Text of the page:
Huffpost: Addressing China’s Declining Health Culture
JUCCCE Chairperson Peggy Liu writes in Huffpost following the launch of China’s new dietary guidelines.
What if you could wave a magic wand and tell everyone how to eat?
That’s exactly what Ms. Yuexin Yang, President of the Chinese Nutrition Society (CNS), did with the launch of a much overdue set of dietary guidelines for China in time for Nutrition Week, May 15-21. The new guidelines address the needs of a gigantic urbanizing population that is facing an obesity and diabetes epidemic, while also starting to incorporate sustainability concepts into the dietary agenda.
The China Nutrition Society conducts research about nutrition from around the world and adopts it to suit the current stage of development for China. For better or worse, the new guidelines are heavily influenced by the American food communication methods. A “food pagoda” imitating the food pyramid was introduced in 1997. This 2016 version introduces a new Yin-Yang plate that borrows from the United States’ “My Plate” and is accompanied by a kid-friendly version of the pyramid in the shape of an abacus.
Since 1980, rapid urbanization and Westernization of China’s diet have meant tectonic shifts in Chinese health. This generation growing up in concrete jungles have rarely seen real food growing in soil. China boasts the largest number of grocery stores in the world a short 20 years after the first supermarket opened in 1990. This generation has been raised on excessively processed food loaded with salt, sugar, fat and chemicals, such as fast food and sugary drinks.
Pastries and cakes have become a norm in a country that traditionally serves fruit, and where people don’t bake.
The sad result is that China has the largest population living with obesity, according to a report by the Lancet Medical Journal. In a 35-year span, the rate of overweight Chinese children has skyrocketed from 5% to 20% — as compared to the 17% of children aged 2—19 years in the United States. These outcomes, linked to changes in dietary habits, lead to costly economic burdens on China’s health care system. Even though China has one-fifth of the world’s population, it has a disproportionately large one-third of the world’s diabetics.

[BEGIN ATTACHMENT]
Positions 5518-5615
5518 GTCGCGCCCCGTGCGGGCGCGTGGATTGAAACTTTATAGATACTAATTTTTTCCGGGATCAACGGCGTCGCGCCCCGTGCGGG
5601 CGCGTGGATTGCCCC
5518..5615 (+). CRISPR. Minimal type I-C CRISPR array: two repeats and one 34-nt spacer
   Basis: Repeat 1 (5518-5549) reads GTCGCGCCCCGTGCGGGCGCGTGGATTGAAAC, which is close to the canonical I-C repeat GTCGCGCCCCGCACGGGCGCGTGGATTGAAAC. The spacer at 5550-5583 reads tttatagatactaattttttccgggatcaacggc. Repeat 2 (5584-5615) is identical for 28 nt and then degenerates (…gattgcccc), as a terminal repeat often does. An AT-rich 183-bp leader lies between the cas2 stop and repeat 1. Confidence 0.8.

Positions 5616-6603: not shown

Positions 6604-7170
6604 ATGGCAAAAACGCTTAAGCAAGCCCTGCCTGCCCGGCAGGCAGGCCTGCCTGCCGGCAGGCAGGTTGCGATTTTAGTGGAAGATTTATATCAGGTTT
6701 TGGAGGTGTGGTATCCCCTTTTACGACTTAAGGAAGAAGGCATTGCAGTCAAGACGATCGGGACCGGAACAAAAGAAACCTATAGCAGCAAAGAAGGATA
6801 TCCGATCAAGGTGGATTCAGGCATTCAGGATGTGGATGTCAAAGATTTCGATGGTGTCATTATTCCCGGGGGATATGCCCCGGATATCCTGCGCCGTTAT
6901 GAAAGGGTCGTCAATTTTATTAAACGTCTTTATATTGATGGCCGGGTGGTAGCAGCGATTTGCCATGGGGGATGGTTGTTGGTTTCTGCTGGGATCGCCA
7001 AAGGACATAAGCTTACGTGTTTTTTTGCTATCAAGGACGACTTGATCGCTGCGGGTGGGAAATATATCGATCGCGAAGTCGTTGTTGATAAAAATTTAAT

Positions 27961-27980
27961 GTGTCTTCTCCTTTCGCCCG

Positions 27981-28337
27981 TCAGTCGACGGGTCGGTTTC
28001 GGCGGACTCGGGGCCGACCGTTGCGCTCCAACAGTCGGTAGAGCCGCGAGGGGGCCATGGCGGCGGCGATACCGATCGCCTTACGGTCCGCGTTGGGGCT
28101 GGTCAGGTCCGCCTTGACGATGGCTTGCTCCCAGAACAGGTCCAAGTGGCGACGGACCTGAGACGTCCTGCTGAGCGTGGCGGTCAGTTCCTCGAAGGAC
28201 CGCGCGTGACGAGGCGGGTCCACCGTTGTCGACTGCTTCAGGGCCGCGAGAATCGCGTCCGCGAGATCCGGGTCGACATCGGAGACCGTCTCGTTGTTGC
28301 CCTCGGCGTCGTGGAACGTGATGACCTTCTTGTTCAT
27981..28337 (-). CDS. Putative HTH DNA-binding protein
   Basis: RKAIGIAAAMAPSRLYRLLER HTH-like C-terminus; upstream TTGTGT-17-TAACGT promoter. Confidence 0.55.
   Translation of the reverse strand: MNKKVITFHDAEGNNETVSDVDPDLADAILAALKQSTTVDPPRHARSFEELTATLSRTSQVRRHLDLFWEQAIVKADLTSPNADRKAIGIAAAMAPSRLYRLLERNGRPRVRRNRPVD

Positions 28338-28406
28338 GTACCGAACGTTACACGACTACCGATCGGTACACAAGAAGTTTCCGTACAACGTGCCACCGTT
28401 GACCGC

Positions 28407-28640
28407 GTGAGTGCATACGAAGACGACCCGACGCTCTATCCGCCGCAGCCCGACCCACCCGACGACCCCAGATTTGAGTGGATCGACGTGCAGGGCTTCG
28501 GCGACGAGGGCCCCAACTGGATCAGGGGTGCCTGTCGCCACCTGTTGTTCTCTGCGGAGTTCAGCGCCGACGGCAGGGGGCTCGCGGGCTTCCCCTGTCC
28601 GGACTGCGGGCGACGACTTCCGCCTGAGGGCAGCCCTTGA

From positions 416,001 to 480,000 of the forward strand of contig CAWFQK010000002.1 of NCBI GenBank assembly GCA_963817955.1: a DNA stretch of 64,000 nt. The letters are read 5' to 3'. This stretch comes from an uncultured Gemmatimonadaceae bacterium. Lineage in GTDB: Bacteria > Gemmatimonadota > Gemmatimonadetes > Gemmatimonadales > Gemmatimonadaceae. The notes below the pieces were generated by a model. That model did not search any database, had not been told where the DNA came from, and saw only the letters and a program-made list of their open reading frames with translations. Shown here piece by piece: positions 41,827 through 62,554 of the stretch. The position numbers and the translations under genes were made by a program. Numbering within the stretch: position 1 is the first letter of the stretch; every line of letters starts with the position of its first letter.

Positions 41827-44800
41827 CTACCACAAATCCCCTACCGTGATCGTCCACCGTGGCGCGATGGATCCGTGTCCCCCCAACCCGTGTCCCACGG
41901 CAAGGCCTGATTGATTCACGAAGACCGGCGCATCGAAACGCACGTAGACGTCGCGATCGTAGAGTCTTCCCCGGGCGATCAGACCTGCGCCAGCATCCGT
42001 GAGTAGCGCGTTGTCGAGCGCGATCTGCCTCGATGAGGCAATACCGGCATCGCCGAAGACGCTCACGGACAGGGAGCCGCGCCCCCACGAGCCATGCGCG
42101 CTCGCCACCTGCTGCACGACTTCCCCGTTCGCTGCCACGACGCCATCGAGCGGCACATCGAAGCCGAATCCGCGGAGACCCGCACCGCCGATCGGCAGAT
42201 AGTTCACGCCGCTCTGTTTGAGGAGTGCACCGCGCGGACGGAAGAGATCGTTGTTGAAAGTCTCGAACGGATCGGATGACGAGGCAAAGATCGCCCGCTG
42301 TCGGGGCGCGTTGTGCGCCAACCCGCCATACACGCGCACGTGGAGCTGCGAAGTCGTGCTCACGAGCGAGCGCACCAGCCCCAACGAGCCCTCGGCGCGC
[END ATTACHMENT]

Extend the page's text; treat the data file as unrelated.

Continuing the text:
To address this, the new dietary guidelines not only recommend daily exercise but also prescribe portion size recommendations for six different types of diets (pre-pregnancy, pregnant, nursing moms, infants, young children, elderly, and even vegetarian).
One weakness of such prescriptive methods is, however, the lack of ability to accurately measure what one eats across meals in a day, especially in a setting with shared dishes. Daily physical exercise is also suggested by the guideline.
The importance of dietary guidelines stretches much further than personal health alone. The consequences of the way we eat dramatically impacts water, land and energy resources. Surprising to most, food is also the single largest source of greenhouse-gas emissions [up to 30%]. Because China has a fifth of the world’s population, the way Chinese people eat is a huge trigger point for climate change globally. Limiting red meat intake, reducing food waste, and improving agricultural efficiency can help China improve nutrition security but also help it meet its climate obligations internationally.
Although CNS doesn’t specifically look at how diets affect environmental health, the new guidelines do support sustainability in three ways. (1) It emphasizes seasonal vegetables and fruits, which are more likely to be grown locally. Out-of-season foods take large amounts of resources to grow in hothouses and ship across the globe. (2) It discourages food waste. Researchers from Beijing and Stockholm suggest that approximately one fifth of food in China is wasted. This is equivalent to the water footprint of Canada or the total arable land of Mexico. A country such as the United Kingdom generates 10 percent of all emissions from food waste alone. And (3) it strongly advises the selection of fish or poultry over red meats. Lamb and beef are land-, water-, and emissions-intensive foods compared to the same nutritional value in plant-based foods.
The inclusion of sustainable concepts at all is quite remarkable given the large fight in the US over its 2015 dietary guidelines. Compared to the US Food and Drug Administration, CNS is a much smaller band of academics and nutritionists working with the Ministry of Health in Beijing. They have less food-industry pressures.
The key challenge for CNS is how to educate 1.4 billion people by translating these new guidelines into every mouthful. To do this, CNS is working with storytellers such as my non-profit JUCCCE, which launched the initiative “A New Way to Eat“ in 2013 to teach Chinese kids to eat in a way that is good for them and good for the planet. The program playfully use games, kid-speak, and relatable “Food Hero” characters to show how eating well can keep you healthy.
To promote adoption of the guidelines, CNS is also heavily relying on social platforms such as WeChat, which now has over 500 million daily users — more than the entire population of the U.S., Canada and Mexico combined.
Dietary guidelines are only a part of the journey to change an entire nation’s eating habits. The Chinese population has shown itself to change behavior quite rapidly in response to food safety concerns, children’s health needs, and opportunities to access a better quality of life. They eagerly seek the information to make better food choices. Food education is a great way to make Chinese individuals feel empowered to not only make a difference in their health, but also their world, with every bite they take.